The Drudge Report headline rippled across BlackBerrys in the Howard Beach ballroom shortly before midnight on Sept. 14, 2010.
It read, bolded and underlined, "Revenge of the Jews," setting off an impossible-to-forget scene of spontaneous jubilation. An orthodox rabbi leaped into my arms upon reading the words, like a running back into an end zone crowd, sending us both to the ground in a heap of giggles.
Queens businessman Bob Turner had done the impossible. He had won a congressional seat last occupied by a Republican in 1922, as a referendum, in part, on President Barack Obama's dismissiveness toward Israel. Revenge of the Jews, indeed.
Turner was prescient in his victory remarks. Between two flags, one American and one Israeli, the former television executive proclaimed, "This message will resound for a full year." And it did. That night marked a distinct thawing in the relationship between President Obama and Israeli Prime Minister Benjamin Netanyahu.
Victories are fleeting, though, and history marches on. Three years later and, safely re-elected, that same president has forsaken the Jews by placing Israel in an international box.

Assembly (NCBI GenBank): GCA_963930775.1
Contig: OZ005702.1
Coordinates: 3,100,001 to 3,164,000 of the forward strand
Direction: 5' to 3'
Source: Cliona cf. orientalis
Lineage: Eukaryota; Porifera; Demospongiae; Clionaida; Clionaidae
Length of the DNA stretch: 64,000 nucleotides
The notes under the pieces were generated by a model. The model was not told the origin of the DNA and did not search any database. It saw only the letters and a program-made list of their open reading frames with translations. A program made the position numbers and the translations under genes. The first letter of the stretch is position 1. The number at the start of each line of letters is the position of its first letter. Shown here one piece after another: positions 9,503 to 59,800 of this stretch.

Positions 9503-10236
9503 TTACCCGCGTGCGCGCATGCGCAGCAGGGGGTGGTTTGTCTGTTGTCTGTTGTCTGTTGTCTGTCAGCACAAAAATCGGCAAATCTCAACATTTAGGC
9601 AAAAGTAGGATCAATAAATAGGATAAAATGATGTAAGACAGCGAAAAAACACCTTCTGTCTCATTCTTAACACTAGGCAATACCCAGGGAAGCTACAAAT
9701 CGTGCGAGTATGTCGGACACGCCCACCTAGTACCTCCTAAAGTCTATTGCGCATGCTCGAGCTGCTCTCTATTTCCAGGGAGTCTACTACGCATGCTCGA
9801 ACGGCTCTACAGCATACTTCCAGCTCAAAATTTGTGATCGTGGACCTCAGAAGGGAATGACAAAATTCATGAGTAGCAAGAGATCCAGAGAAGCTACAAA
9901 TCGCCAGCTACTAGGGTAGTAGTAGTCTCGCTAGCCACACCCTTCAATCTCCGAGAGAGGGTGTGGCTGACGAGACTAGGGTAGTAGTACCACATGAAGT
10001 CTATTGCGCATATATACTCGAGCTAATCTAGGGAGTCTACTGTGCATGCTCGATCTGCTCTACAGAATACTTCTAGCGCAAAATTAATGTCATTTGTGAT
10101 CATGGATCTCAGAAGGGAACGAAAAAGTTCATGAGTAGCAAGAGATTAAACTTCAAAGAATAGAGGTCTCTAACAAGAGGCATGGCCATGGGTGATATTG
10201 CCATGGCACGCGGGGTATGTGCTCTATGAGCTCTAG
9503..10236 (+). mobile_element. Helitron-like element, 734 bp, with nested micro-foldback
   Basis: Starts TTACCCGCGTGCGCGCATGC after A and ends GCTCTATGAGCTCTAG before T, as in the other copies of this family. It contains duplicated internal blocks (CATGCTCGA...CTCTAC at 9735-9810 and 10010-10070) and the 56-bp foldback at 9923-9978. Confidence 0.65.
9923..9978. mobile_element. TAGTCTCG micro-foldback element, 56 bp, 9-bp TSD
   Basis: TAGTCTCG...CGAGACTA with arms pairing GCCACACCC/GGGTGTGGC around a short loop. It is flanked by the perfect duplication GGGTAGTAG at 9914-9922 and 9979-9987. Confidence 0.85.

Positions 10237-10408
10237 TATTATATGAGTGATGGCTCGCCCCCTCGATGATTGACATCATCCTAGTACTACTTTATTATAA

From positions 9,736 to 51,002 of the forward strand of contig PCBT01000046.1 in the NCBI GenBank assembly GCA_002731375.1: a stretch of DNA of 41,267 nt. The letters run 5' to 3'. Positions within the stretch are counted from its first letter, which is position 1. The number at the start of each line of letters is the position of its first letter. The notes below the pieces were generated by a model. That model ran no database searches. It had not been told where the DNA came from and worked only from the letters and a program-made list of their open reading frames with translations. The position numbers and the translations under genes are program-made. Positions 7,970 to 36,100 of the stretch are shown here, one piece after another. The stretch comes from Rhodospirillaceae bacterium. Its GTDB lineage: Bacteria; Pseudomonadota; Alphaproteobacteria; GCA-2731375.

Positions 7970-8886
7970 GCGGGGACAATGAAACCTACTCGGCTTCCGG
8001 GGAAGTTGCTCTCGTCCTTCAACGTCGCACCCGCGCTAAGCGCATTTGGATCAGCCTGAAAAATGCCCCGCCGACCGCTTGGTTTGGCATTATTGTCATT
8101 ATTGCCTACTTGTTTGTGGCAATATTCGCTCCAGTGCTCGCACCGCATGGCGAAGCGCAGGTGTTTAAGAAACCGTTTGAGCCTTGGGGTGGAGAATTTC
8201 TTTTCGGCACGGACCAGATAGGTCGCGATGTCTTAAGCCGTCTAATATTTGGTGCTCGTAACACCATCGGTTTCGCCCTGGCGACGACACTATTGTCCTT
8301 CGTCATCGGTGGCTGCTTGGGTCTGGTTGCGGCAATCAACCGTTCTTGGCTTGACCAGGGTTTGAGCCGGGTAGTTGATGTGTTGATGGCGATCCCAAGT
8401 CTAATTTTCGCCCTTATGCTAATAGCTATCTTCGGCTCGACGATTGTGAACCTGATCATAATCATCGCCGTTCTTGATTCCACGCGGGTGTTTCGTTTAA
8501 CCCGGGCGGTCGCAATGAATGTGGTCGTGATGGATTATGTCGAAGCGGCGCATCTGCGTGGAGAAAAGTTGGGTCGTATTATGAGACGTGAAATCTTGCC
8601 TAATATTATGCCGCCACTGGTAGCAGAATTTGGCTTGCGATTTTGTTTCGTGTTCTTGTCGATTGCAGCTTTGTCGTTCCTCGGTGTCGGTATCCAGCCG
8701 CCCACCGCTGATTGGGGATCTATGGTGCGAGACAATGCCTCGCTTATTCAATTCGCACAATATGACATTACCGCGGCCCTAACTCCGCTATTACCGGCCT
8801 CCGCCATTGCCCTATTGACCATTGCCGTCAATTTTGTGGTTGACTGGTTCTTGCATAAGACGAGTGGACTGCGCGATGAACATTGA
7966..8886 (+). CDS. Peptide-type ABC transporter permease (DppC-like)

It took years to assemble a coalition willing to impose sanctions with teeth on Iran. Yet with the stroke of a pen, Obama and other world leaders partly released the pressure on that belligerent nation hellbent on achieving nuclear armaments. Few believe Iran will actually pause its nuclear programs for six months, as mandated under the agreement, especially the Israelis and Saudis, who have been discussing a joint military strike on Iranian nuclear facilities.
Iran's nuclear ambitions have always been a race against the clock. While the world fidgeted, it spun denials and centrifuges. The mullahs know that once they get a nuclear weapon, the balance of power in the Middle East will shift in their favor.
If Israel and Saudi Arabia strike now, they will be international outlaws. If they wait the six months, it may be too late. Sept. 14, 2010 seems a lifetime ago.
William F. B. O'Reilly is a columnist and a Republican political consultant.